5
$\begingroup$

Let $(X, \mathcal O_X), (Y, \mathcal O_Y)$ be locally ringed spaces. A morphism of ringed spaces is defined to be a pair $(f,f^{\#}):(X, \mathcal O_X) \rightarrow (Y, \mathcal O_Y)$, where $f:X \rightarrow Y$ is continuous, and $f^{\#}: \mathcal O_Y \rightarrow f_{\ast} \mathcal O_X$ is a morphism of sheaves. We consider $(f,f^{\#})$ to also be a morphism of locally ringed spaces if for each $x \in X$, the homomorphism on the stalks $$f_x^{\#}: \mathcal O_{Y,f(x)} \rightarrow \mathcal O_{X,x}$$ is a local homomorphism (preimage of the unique maximal ideal remains maximal). My question is, what exactly is the map $f_{x}^{\#}$? I know since $f^{\#}$ is a morphism of sheaves, we have a homomorphism on the stalks $$f_{f(x)}^{\#}: \mathcal O_{Y,f(x)} \rightarrow (f_{\ast} \mathcal O_X)_{f(x)}$$ Are we getting $f_x^{\#}$ by composing $f_{f(x)}^{\#}$ with some homomorphism $(f_{\ast} \mathcal O_X)_{f(x)} \rightarrow \mathcal O_{X,x}$?

$\endgroup$
  • $\begingroup$ You really mean to write $(f_*\mathcal{O}_X)_{f(x)}$. Then there is a map as desired. It should be the only thing you can write down. $\endgroup$ – Hoot Dec 11 '15 at 2:47
2
$\begingroup$

Given any sheaf $\mathcal{O}$ on a space $X$, a continuous map $f:X\to Y$, and a point $x\in X$, there is a canonical map $(f_*\mathcal{O})_{f(x)}\to\mathcal{O}_x$. Indeed, an element of $(f_*\mathcal{O})_{f(x)}$ is represented by a section of $f_*\mathcal{O}$ over some open set $V$ containing $f(x)$, which is just a section of $\mathcal{O}$ over $f^{-1}(V)$, which then determines an element of $\mathcal{O}_x$. It is easy to see that this correspondence is compatible with restriction and hence induces a well-defined map $(f_*\mathcal{O})_{f(x)}\to\mathcal{O}_x$.

In your case, taking $\mathcal{O}=\mathcal{O}_X$, this is the map you are looking for.

$\endgroup$
  • $\begingroup$ So one way to describe it, is for each open $V$ in $Y$ with the property that $x \in f^{-1}V$, we have a homomorphism $f_{\ast} \mathcal O_X (V) = \mathcal O_X(f^{-1}V) \rightarrow \mathcal O_{X,x}$, and hence a homomorphism from the direct limit $(f_{\ast} \mathcal O_X)_{f(x)} \rightarrow \mathcal O_{X,x}$. $\endgroup$ – D_S Dec 11 '15 at 2:52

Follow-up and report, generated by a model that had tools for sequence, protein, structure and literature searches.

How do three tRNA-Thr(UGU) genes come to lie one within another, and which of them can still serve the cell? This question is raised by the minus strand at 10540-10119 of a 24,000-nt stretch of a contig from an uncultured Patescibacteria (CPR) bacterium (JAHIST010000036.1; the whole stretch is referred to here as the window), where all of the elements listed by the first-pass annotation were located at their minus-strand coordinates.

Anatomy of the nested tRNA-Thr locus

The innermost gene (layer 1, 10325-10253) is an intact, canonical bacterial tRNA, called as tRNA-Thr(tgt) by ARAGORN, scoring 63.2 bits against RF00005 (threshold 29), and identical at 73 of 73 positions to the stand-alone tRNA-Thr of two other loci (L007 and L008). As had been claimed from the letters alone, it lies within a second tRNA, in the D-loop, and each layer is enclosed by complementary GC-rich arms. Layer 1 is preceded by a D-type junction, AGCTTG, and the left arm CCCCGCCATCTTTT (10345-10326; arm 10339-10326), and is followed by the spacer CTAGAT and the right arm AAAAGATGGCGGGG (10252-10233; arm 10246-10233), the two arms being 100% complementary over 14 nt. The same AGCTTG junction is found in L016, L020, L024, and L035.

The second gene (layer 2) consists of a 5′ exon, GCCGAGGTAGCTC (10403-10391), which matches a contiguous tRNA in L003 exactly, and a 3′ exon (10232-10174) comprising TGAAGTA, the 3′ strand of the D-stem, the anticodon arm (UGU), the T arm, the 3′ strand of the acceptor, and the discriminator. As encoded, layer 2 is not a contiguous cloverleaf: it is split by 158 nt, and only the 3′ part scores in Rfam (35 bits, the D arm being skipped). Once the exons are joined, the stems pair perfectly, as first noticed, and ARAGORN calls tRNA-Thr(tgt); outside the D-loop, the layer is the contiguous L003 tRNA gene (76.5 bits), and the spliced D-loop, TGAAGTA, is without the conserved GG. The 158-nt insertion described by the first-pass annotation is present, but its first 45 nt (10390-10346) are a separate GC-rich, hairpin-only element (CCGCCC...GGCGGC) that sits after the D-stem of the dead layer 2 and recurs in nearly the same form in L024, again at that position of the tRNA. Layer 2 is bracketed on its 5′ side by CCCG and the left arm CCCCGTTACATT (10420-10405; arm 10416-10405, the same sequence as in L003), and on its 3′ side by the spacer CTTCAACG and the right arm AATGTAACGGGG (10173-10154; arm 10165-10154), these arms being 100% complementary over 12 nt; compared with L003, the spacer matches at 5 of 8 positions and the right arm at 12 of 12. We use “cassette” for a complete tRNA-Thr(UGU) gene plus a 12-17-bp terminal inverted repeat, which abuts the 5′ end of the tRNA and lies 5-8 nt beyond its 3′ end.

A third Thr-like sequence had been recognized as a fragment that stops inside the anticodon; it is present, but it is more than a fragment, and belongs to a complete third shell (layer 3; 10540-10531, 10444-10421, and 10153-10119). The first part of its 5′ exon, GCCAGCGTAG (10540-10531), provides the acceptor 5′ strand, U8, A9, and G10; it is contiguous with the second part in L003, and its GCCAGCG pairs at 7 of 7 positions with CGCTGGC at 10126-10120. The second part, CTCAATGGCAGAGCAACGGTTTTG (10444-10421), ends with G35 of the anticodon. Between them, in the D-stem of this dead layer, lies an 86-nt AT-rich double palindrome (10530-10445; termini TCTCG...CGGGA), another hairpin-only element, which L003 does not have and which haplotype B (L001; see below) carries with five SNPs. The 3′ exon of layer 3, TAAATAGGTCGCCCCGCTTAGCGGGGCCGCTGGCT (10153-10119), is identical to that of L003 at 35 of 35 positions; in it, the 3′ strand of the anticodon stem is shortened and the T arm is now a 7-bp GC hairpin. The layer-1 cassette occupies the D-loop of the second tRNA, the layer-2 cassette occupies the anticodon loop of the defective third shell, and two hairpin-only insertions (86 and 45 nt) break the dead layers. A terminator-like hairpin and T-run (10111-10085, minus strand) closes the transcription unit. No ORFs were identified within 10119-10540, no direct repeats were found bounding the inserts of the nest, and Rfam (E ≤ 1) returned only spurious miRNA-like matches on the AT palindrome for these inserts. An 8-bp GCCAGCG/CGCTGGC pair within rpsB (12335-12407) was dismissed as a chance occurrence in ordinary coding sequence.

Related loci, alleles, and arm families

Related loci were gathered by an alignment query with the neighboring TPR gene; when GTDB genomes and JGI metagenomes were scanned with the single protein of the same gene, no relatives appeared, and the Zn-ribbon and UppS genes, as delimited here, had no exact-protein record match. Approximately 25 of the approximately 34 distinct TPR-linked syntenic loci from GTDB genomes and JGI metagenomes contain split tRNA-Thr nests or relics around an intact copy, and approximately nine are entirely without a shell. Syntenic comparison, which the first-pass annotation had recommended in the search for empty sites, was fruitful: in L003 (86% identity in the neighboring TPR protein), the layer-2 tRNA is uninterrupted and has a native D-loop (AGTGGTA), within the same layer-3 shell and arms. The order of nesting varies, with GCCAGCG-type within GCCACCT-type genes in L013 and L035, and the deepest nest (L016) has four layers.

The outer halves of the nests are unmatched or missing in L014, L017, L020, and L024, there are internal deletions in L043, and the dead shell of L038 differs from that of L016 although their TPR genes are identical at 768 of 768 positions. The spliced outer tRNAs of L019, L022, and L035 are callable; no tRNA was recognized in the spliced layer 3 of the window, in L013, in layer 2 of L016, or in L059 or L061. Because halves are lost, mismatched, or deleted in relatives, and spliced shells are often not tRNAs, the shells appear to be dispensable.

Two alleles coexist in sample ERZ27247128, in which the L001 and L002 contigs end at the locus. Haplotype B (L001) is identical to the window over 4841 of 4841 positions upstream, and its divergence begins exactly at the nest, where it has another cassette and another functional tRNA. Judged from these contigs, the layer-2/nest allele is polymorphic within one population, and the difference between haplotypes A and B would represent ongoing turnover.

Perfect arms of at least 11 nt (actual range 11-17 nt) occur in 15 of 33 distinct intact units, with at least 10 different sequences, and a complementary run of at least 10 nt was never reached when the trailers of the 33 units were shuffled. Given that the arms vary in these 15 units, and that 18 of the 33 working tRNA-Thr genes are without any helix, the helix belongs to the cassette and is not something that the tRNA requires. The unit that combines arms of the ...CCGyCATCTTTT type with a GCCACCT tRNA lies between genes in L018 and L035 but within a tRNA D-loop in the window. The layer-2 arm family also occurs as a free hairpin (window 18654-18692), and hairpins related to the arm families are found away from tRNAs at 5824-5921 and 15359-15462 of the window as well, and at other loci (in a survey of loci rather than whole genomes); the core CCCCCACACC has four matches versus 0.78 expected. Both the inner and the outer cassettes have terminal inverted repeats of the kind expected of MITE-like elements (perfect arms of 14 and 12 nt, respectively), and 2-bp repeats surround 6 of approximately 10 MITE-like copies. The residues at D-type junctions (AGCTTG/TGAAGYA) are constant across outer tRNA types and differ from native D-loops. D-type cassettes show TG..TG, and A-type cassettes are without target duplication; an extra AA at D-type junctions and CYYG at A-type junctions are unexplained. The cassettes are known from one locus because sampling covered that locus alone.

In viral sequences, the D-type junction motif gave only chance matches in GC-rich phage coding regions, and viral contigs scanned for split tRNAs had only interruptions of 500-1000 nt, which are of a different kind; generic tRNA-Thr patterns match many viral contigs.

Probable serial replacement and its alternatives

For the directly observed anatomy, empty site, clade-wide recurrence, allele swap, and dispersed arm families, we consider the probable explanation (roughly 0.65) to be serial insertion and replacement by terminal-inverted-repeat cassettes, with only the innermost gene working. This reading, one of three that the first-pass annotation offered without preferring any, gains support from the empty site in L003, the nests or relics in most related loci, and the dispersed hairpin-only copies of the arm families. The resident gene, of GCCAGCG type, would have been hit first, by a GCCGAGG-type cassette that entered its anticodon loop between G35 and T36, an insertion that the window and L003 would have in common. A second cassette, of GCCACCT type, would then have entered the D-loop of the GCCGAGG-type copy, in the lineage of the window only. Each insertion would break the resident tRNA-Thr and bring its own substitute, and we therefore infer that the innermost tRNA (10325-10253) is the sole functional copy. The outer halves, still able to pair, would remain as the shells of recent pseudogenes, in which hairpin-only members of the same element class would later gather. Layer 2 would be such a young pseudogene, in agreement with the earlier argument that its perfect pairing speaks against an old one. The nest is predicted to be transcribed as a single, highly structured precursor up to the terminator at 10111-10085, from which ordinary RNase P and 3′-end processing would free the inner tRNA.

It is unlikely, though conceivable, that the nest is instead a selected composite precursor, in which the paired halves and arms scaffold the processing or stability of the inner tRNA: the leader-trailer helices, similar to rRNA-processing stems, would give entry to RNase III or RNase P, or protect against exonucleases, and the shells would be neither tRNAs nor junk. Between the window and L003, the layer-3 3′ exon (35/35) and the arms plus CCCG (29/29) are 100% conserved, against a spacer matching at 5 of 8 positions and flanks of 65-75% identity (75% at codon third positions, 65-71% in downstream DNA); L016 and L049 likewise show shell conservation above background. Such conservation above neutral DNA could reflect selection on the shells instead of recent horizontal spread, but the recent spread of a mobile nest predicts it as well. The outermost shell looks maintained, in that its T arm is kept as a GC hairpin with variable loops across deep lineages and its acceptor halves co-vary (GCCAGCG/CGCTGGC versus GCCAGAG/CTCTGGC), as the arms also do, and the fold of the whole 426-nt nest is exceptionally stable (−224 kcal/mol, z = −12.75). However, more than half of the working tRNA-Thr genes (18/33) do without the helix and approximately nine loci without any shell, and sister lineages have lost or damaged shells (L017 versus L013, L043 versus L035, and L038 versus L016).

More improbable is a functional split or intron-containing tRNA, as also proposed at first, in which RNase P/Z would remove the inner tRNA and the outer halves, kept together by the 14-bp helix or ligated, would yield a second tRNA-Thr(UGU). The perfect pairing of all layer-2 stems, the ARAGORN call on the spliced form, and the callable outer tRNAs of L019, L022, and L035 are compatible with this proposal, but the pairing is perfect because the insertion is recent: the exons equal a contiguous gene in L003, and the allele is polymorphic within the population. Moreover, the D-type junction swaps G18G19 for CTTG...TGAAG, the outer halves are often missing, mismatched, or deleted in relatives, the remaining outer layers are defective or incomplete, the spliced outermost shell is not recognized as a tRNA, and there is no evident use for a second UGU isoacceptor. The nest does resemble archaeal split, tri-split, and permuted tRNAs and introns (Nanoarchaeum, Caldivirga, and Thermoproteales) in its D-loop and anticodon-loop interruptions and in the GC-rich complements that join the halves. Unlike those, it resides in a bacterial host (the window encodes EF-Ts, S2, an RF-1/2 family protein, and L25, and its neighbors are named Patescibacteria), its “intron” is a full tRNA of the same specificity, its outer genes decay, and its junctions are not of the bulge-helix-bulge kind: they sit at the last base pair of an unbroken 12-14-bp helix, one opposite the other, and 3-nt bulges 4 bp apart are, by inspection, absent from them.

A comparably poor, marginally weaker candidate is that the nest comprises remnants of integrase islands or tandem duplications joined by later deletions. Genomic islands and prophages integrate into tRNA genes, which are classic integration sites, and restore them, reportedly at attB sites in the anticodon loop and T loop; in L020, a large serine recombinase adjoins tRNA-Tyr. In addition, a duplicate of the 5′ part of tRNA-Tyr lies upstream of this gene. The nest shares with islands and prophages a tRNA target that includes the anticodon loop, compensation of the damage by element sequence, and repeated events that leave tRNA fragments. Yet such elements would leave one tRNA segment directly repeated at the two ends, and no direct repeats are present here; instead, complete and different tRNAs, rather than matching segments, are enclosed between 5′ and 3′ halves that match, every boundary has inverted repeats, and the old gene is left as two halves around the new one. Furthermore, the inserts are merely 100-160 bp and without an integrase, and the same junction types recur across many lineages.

2
$\begingroup$

There is another way to describe $f^{\#}_x: \mathcal{O}_{Y,f(x)}\rightarrow \mathcal{O}_{X,x}$

Let $(X, \mathcal{O}_X)$ and $(Y,\mathcal {O}_Y)$ be two schemes.

A map between between $(X, \mathcal{O}_X)$ and $(Y,\mathcal {O}_Y)$ is a pair

1)$f:X\rightarrow Y$ and

2)$f^{\#}:\mathcal{O}_Y\rightarrow f_{*}\mathcal{O}_X$

such that the induced map $f_x^{\#}: \mathcal O_{Y,f(x)} \rightarrow \mathcal O_{X,x}$ is a local homomorphism of rings.

Let us try to write down the induced map-

Note, $\mathcal{O}_{Y,f(x)}=\varinjlim_{ f(x)\in V}\mathcal{O}_Y(V)$

Now by 2) we have map $f^{\#} (V):\mathcal{O}_Y(V)\rightarrow f_{*}\mathcal{O}_X(V)=\mathcal {O}_X(f^{-1}(V))$

Now, as $f(x)\in V \implies x\in f^{-1}(V)$. Therefore, there exist maps $g_x(f^{-1}(V)):\mathcal {O}_X(f^{-1}(V))\rightarrow \mathcal{O}_{X,x}$ (property of direct limit)

Therefore the composition of this two maps

$\mathcal{O}_Y(V)\xrightarrow{f^{\#} (V)}\mathcal {O}_X(f^{-1}(V))\xrightarrow{g_x(f^{-1}(V))} \mathcal{O}_{X.x}$

Now, by the universal property of direct limit of $\mathcal{O}_{Y,f(x)}$ one gets an induced map from $\mathcal{O}_{Y,f(x)}\rightarrow \mathcal{O}_{X,x}$ which is the desired map $f^{\#}_x$ which we need to be local ring homomoorphsim


Universal Property of direct limit cum definition: Let $\{M_\lambda, f_{\lambda \mu}\}_{\lambda \in I}$ where $f_{\lambda \mu}:M_\lambda \rightarrow M_\mu$ for all $\lambda \leq \mu$ be a directed system of rings. A ring $M$ is said to be the directed limit of the directed system if

  1. There exists maps $g_{\lambda}:M_\lambda \rightarrow M$ for all $\lambda\in I$ such that $g_\lambda=g_\mu \circ f_{\lambda \mu}$ for all $\lambda\leq \mu$

  2. If there exists another ring $M'$ with maps $g'_{\lambda}:M_\lambda \rightarrow M'$ for all $\lambda\in I$ such that $g'_\lambda=g'_\mu \circ f_{\lambda \mu}$ for all $\lambda\leq \mu$

Then there exists a unique map from $M\rightarrow M'$

$\endgroup$

Your Answer

By clicking “Post Your Answer”, you agree to our terms of service, privacy policy and cookie policy

Not the answer you're looking for? Browse other questions tagged or ask your own question.